How Much Luggage You Can Bring on Trains: A Complete Guide

Amtrak Train

Table of Contents

There’s just something about train travel that evokes the feeling that you’re Harry Potter on his way to Hogwarts for the first time, isn’t there? ⚡

So when you’re preparing for your magical train journey, it’s only natural to want to grab Hedwig in her owl cage 🦉 and pack an enormous trunk to take with you. And while pets are allowed on Amtrak (with restrictions), there are some limitations to the size and weight of luggage you can bring on trains in the United States and Canada. Sorry, enormous trunk, maybe next time.

Before you pack your bags, take a moment to read through this guide to help you pick your bags and make sure the size and weight of your luggage do not exceed the train company’s allowance. Because sadly, Hermione’s handbag with endless cargo space is only a fantasy.

Although, if you’re really attached to the idea of a Hogwarts trip, check out these tours that journey on the real-life Hogwarts Express, the Jacobite Train in the Scottish Highlands.

General Packing Tips

Don’t forget the essentials

We’re talking your ticket (printed out or on your mobile device) and a valid ID for boarding. Without these two things, your trip will be over before it starts!

Other “essentials” may vary by traveler, but in your carry-on bag, you’ll likely want to pack your phone, a phone charger (since trains do have outlets!), your wallet, and some form of entertainment like a book or headphones. It’s generally safest to keep valuables in your carry-on bag, which will be with you at your seat.

Tag your bags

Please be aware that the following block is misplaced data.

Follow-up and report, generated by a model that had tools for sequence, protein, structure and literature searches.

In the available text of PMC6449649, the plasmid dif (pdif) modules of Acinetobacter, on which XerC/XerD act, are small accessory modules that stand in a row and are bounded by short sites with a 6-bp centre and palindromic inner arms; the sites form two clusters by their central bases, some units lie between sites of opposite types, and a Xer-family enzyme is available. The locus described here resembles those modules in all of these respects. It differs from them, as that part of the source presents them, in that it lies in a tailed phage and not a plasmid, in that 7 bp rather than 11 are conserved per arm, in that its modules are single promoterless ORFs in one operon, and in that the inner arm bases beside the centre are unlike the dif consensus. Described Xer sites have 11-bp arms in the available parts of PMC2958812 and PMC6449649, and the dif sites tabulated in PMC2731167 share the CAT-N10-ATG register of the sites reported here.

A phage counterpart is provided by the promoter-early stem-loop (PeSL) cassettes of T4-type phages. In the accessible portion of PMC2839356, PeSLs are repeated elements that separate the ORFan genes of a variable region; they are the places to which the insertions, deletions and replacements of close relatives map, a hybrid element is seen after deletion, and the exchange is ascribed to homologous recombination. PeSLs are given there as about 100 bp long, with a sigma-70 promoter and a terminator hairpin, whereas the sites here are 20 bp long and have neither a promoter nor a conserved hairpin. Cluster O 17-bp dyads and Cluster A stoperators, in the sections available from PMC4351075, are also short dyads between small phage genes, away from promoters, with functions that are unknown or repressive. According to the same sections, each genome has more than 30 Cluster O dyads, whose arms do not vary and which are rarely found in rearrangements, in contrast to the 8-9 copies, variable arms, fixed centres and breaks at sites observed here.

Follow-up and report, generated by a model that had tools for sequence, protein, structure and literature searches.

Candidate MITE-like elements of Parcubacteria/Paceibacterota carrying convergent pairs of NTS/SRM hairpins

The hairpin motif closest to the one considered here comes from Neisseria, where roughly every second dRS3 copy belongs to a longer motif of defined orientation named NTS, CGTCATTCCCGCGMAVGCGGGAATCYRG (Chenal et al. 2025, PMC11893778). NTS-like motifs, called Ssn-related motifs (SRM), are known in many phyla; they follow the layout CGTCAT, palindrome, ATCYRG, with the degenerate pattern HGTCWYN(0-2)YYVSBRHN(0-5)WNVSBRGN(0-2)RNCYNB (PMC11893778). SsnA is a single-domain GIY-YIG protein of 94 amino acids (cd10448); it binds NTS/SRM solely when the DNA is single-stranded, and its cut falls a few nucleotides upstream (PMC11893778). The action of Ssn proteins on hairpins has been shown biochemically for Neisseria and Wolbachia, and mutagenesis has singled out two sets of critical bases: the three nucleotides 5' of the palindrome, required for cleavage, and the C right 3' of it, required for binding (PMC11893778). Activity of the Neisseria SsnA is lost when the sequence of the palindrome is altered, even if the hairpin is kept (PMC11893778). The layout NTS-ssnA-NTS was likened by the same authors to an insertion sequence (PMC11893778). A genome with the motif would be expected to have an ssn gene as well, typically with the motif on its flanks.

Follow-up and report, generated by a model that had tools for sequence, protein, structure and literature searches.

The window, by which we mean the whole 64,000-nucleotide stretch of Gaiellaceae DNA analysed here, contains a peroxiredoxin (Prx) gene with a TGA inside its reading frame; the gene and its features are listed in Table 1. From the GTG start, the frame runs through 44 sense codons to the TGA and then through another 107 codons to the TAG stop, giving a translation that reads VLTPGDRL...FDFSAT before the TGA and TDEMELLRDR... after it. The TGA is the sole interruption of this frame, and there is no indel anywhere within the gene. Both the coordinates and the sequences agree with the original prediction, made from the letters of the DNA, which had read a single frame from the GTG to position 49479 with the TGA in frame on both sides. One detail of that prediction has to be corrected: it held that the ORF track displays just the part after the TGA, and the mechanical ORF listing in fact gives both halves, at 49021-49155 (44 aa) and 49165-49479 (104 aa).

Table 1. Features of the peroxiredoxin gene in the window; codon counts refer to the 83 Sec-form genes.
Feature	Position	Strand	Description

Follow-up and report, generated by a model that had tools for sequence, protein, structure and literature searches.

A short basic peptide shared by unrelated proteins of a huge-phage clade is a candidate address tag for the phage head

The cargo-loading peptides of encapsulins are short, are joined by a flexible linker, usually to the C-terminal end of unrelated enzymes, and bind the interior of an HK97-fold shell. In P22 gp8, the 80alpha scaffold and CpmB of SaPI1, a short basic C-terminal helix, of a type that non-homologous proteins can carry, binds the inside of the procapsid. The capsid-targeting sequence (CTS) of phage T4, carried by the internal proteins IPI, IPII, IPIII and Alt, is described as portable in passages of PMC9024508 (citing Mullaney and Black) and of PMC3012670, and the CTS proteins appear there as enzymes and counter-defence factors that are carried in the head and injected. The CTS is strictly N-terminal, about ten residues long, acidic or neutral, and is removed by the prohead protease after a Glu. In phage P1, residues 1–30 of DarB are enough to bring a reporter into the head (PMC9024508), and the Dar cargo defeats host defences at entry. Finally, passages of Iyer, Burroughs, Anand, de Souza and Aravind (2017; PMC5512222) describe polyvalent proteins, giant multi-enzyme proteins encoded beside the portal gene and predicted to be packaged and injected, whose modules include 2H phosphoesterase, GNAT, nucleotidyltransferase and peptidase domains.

Many bags look alike, and it can be difficult to tell whose bag belongs to whom without a name attached. Unless you’re Voldemort, in which case, “You Know Who” generally does the trick.

To avoid confusion or any other dark arts 🐍, make sure to add a luggage tag to each of your bags with your name and contact information clearly displayed. If anything were to get lost, this gives you the best shot of getting your stuff back.

Consider your destination

Packing for a scenic Amtrak journey along the Pacific Ocean in SoCal might look a little different than packing for a last-minute getaway from Toronto to Montreal in the winter. Of course, this is just common sense, but hey, it might have been a while since you last traveled!

Remember that it’s easiest to dress on vacation if you pack clothes that can be mixed and matched, and check the weather forecast to see how heavy of a jacket you might need. And don’t forget to pack socks in case you meet any house elves in need of freeing! 🧦 R.I.P. Dobby.

North American Train Carrier Baggage Policies

Amtrak is the largest passenger rail network in the United States, and likewise, VIA Rail is the largest in Canada. So when you’re traveling in North America, these two train carriers will be your best friends for scenic, comfortable, and affordable train travel.

One of the benefits of traveling by train is that trains offer higher baggage allowances than most buses. Amtrak and VIA Rail have similar policies but see the details here for what can be carried on and checked with each train company.

Amtrak

Amtrak allows two different kinds of luggage: carry-on and checked bags.

Carry-On Baggage: Each passenger is allowed to bring two personal items (under 25 lbs, or 12 kg, and smaller than 14 x 11 x 7 inches each) and two carry-on bags (​​up to 50 lbs, or 23 kg, and 28 x 22 x 14 inches each).

Carry-on bags will be kept with you during your trip, either at your feet or on an overhead shelf in the train car. If you need to bring additional carry-on items, Amtrak will apply a $20 excess baggage fee per item.

Checked Baggage: Not all Amtrak trains and stations allow for checked baggage, so be sure to check with Amtrak ahead of time that your route accepts checked baggage. Usually, staffed stations offer checked baggage service, and unstaffed stations do not. The easiest way to confirm if you can check bags is to search for your departure station on Amtrak’s site and reference the Baggage section of the station’s details.